Philo Vaihinger said...

Sorry. I need an editor.

Philo Vaihinger said...

BTW, told you Mitch Daniels was no moderate. Just another right wing crackpot.

Buford said...

The republicans won't change...look at their platform...that is their Bible, their goal...we must continue to fight against the wingers...The Koch boys will not stop...they are deeply invested in the states and will continue their brand of corruption...ALEC is still alive and kicking...the upcoming fight HAS to be at the state level...The real power of the Feds is in the states...hence the name UNITED STATES...Don't be fooled by this post-election garbage from Jindal and McCain...they are the problem...not the solution...

Victor said...

The man we nominated to be our Presidential candidate and to speak for us, lost.


So, even though he changed all of his previous supposed philosophies to appeal to us, and to speak to us, and to speak for us - no longer speaks for us!

So, pay no attention to that well coiffed and manicured man in the Brooks Brothers suit behind the gilded curtain!

So, who is this "Mitt Romney" that you refer to?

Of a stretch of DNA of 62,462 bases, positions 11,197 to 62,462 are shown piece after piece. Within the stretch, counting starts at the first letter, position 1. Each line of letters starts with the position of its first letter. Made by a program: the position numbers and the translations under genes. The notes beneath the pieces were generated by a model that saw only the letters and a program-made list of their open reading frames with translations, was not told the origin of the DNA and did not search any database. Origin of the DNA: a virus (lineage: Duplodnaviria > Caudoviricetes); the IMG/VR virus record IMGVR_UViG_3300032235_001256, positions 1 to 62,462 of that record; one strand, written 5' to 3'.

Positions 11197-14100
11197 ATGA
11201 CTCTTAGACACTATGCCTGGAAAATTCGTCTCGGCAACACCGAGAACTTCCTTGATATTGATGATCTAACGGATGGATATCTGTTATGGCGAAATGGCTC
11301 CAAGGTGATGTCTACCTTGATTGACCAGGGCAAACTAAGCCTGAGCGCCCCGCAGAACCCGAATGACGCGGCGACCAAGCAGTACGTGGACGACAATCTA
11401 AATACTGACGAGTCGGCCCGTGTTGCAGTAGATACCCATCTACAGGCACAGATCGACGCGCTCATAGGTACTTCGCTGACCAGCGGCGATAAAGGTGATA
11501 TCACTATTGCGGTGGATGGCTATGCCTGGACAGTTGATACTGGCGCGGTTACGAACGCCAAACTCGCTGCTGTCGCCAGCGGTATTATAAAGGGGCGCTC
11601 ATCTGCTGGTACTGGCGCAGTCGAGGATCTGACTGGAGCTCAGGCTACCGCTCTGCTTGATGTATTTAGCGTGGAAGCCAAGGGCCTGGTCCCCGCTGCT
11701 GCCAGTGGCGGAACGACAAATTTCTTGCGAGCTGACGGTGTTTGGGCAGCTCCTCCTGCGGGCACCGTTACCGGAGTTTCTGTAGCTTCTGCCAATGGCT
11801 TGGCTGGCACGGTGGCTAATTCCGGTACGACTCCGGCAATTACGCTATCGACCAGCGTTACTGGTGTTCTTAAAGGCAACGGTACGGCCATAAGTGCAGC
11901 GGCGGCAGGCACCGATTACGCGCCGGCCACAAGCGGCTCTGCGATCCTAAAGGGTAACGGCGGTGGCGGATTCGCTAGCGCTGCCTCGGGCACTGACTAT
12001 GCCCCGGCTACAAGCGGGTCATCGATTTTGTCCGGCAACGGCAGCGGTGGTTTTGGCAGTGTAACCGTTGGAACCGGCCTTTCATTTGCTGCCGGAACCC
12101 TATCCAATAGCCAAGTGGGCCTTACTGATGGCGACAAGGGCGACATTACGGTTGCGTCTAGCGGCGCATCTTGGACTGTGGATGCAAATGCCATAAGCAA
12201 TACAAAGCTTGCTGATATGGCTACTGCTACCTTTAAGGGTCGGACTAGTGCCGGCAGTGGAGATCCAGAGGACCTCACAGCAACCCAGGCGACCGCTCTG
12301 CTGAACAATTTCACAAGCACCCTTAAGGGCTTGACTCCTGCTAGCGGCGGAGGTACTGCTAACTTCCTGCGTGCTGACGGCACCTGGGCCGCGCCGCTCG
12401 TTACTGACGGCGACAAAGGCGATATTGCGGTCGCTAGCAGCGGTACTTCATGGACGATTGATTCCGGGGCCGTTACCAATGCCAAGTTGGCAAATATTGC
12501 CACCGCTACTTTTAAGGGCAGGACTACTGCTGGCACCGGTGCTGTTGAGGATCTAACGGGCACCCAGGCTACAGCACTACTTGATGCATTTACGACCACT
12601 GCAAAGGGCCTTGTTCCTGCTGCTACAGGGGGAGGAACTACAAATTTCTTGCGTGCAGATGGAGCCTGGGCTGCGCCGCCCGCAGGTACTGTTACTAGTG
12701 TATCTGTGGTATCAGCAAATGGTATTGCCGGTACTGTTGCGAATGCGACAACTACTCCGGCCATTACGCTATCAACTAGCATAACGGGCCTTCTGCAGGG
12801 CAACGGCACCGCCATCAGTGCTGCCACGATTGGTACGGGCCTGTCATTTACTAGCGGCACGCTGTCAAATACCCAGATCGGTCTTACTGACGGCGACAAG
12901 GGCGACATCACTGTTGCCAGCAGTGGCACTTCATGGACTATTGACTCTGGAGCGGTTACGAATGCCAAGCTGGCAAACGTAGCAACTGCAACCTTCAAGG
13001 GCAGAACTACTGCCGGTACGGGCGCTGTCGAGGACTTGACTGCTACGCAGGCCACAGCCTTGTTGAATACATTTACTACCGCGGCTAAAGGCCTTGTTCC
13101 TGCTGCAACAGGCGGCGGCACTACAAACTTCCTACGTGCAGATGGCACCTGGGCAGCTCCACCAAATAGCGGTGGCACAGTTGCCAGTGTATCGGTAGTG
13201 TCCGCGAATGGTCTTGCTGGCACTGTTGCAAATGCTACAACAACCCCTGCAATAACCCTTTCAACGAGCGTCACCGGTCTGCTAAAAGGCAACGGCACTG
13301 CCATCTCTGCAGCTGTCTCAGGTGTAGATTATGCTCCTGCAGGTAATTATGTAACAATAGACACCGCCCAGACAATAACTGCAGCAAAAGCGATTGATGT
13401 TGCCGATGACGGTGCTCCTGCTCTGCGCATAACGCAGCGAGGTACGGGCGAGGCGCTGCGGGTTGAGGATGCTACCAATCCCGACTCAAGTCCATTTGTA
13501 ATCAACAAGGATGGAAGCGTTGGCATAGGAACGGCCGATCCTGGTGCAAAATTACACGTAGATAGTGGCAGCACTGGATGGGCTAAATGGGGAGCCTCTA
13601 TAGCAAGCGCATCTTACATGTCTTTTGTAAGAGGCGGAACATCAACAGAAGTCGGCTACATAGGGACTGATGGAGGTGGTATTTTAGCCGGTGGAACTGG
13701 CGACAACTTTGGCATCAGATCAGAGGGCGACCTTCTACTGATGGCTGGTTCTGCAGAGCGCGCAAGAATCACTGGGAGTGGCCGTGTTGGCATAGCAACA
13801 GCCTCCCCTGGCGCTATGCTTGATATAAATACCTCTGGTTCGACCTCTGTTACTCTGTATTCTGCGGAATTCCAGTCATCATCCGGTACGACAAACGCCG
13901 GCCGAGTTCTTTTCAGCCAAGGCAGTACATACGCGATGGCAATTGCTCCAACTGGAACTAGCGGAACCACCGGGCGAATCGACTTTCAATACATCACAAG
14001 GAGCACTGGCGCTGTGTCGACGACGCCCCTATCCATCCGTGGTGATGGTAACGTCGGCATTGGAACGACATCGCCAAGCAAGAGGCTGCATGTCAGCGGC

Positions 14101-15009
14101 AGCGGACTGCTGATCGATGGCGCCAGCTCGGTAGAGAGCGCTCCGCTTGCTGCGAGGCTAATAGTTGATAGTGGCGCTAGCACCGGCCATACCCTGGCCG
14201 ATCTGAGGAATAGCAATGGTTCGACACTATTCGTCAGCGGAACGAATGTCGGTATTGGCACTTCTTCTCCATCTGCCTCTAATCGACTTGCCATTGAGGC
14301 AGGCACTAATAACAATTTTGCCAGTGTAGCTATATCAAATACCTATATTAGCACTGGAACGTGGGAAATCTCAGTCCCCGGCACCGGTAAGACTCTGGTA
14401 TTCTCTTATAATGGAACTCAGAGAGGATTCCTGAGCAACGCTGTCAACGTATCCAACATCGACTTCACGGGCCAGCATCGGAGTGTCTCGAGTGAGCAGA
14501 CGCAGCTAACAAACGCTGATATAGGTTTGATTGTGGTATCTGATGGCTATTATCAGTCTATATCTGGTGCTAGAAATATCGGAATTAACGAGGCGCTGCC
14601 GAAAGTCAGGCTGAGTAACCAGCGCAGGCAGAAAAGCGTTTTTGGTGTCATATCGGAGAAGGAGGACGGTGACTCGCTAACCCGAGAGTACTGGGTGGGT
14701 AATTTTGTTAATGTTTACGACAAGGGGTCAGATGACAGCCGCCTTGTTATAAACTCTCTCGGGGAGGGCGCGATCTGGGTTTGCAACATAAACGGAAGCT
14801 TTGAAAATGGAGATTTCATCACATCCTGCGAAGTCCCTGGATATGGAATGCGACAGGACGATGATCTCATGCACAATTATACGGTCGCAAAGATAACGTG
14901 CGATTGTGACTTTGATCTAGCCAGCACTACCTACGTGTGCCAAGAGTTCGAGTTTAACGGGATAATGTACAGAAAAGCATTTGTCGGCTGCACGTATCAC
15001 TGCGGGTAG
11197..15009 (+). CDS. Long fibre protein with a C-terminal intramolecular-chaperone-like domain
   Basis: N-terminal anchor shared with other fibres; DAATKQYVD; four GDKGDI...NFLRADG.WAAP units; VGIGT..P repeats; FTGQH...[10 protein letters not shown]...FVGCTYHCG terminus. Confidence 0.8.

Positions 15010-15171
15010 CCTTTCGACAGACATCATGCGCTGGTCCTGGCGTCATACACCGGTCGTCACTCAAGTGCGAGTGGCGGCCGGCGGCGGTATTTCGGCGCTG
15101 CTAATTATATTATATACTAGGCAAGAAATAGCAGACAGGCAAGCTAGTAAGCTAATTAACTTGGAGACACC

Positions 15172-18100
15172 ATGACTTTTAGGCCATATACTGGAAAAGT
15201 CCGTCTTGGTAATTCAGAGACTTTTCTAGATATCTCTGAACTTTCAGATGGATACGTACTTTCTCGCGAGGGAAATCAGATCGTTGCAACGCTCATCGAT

So, now poor Mittens joins the rest of the Republicans who lost, or failed them as Presidents - Bush I, Dole, Bush II (who didn't fail them - just failed everyone, EPICALLY!), and McCain - their existence will now be denied, and all physical evidence will be shredded and/or air-brushed/digitally eliminated.

BH said...

The new man for the GOP: Rep. Scott Dejarlais of the great state of Tennessee. He's got it all: looks like Joe the Plumber; a solid record of shameless hypocrisy soon to be followed by public apologies & tales or born-again redemption; and a safe House district with a moronic majority electorate. (Well, that last may have been redundant, since we're discussing the home of the Scopes trial.) Talk about a base-pleaser!

Unknown said...

I admire what you have done here. I like the part where you say you are doing this to give back but I would assume by all the comments that this is working for you as well.